March celebrates the contributions of women in history, culture and society and is observed ever year during March as International Women’s Month. Here, in the United States, this honor has been celebrated since 1987. Here, at Blindsgalore, we acclaim our CEO, Alissa, as she recreates the powerful symbol of “Rosie the Riveter” as a model of the rise of women in the workplace during WW II. Blindsgalore is a 100% owned and operated ecommerce site, guided by the mother and daughter team of Chelle and Alissa. Recently, we were certified as a Women’s Business Enterprise by the Women’s Business Enterprise Council (WBENC), after a meticulous review process.
Alissa and myself feel a special connection to all women work tirelessly, however and wherever they choose. We take special pride in celebrating all women who are a dynamic, strong and powerful force etching our futures. Our own Rosie, Alissa, exemplifies this new time, our time.
To give you a little brush up, Rosie the Riveter is a cultural icon of all women factory workers in the U.S. during World War II. While many of the men were away at war, women stepped in and took over the assembly lines nationwide. Rosie became an emblem for all of these women, individually as a single worker and collectively as a movement in a time when working women were a novelty.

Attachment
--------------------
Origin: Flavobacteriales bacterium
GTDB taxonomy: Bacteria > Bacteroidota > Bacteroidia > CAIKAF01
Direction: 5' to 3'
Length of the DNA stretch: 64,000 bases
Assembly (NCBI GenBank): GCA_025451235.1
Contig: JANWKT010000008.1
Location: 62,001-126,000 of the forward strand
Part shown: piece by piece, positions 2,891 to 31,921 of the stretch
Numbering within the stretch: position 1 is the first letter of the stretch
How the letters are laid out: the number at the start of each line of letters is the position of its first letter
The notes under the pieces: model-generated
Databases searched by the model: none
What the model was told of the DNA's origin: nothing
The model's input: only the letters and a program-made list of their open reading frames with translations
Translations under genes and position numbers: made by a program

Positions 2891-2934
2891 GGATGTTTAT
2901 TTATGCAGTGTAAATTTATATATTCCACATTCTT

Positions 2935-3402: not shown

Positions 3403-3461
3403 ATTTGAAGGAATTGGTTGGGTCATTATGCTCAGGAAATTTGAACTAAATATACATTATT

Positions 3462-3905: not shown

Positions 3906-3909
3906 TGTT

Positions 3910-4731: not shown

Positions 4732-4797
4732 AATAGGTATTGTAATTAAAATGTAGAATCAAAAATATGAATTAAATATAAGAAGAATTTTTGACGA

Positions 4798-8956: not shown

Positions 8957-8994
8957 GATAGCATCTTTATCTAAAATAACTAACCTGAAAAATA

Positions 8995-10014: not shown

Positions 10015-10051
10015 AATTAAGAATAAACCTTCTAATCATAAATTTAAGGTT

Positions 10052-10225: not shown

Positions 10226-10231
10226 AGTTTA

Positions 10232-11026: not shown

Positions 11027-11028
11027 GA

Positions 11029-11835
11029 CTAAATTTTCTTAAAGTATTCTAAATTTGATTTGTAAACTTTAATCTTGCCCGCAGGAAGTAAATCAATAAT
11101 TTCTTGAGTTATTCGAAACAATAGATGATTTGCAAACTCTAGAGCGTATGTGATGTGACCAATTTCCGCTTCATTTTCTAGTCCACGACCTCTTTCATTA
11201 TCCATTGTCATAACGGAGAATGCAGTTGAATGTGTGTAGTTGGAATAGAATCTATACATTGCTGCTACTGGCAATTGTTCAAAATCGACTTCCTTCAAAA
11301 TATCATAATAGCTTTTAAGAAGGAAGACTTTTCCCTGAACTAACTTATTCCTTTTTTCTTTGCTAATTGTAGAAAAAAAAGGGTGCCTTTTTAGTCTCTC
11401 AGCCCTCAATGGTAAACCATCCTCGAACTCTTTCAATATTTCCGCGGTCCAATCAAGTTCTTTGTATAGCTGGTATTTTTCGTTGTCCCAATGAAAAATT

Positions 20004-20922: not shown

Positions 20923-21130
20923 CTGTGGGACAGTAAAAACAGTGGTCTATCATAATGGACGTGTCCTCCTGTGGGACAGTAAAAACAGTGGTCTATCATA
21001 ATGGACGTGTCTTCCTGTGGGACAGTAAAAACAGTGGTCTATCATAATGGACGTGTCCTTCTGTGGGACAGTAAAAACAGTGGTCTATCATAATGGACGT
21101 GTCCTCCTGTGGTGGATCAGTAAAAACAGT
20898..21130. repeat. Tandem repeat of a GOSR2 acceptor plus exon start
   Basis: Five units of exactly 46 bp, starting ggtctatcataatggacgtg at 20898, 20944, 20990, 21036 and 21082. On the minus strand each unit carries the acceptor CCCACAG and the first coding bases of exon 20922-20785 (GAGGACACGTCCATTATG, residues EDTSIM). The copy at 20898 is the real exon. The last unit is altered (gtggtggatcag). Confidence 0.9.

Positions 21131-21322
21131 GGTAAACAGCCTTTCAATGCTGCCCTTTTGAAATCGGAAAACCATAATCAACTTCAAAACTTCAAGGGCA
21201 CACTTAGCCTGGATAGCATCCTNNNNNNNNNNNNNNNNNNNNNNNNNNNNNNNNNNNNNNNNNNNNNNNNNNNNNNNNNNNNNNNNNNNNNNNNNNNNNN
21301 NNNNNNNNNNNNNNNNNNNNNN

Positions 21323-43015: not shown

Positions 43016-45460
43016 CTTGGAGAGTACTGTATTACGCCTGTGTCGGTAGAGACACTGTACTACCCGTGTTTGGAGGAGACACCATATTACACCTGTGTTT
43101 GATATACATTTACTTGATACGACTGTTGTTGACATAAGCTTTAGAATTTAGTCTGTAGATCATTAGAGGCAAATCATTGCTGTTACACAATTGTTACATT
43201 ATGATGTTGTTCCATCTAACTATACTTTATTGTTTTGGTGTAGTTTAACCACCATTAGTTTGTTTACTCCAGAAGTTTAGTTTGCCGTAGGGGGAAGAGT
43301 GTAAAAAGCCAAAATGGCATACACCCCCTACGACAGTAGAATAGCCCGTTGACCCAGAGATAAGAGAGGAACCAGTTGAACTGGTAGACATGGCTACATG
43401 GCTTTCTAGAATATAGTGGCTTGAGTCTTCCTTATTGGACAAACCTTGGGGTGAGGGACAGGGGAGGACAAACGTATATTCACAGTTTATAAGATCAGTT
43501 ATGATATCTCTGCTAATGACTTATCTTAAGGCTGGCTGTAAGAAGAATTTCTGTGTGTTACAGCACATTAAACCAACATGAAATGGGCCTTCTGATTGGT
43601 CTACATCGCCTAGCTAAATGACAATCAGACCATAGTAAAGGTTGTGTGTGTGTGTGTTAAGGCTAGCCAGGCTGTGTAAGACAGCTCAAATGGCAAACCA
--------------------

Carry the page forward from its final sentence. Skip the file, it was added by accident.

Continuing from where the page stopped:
Rosie is a riveter because she constructs rivets, meaning at the factory she fits metal pieces together for a larger piece of machinery or appliance. Yet, Rosie is also a riveter because she is riveting in the juxtaposition of her denim factory oxford and slacks, hair pulled up and back, yet still boldly embracing her feminine identity.
In 1940, before the war, 12 million women were in the work force, and by 1944, when Rosies far and wide started punching the clock, 20 million women had entered the work force. A sea change occurred when 85% of jobs out there became “acceptable” for women, whereas before the war only 29% of jobs were fit for the ladies. After the war was over, many women returned to domestic roles, but they had already had a taste and satisfaction in a professional role which began to show its vivid colors in the 1970’s when women proudly streamed into all corners of the work place.
In fact, a song was written about Rosie, and I’ll leave you with the lyrics—an ode to all Rosies:
All the day long,
Whether rain or shine
She’s part of the assembly line.
She’s making history,
Working for victory
Rosie the Riveter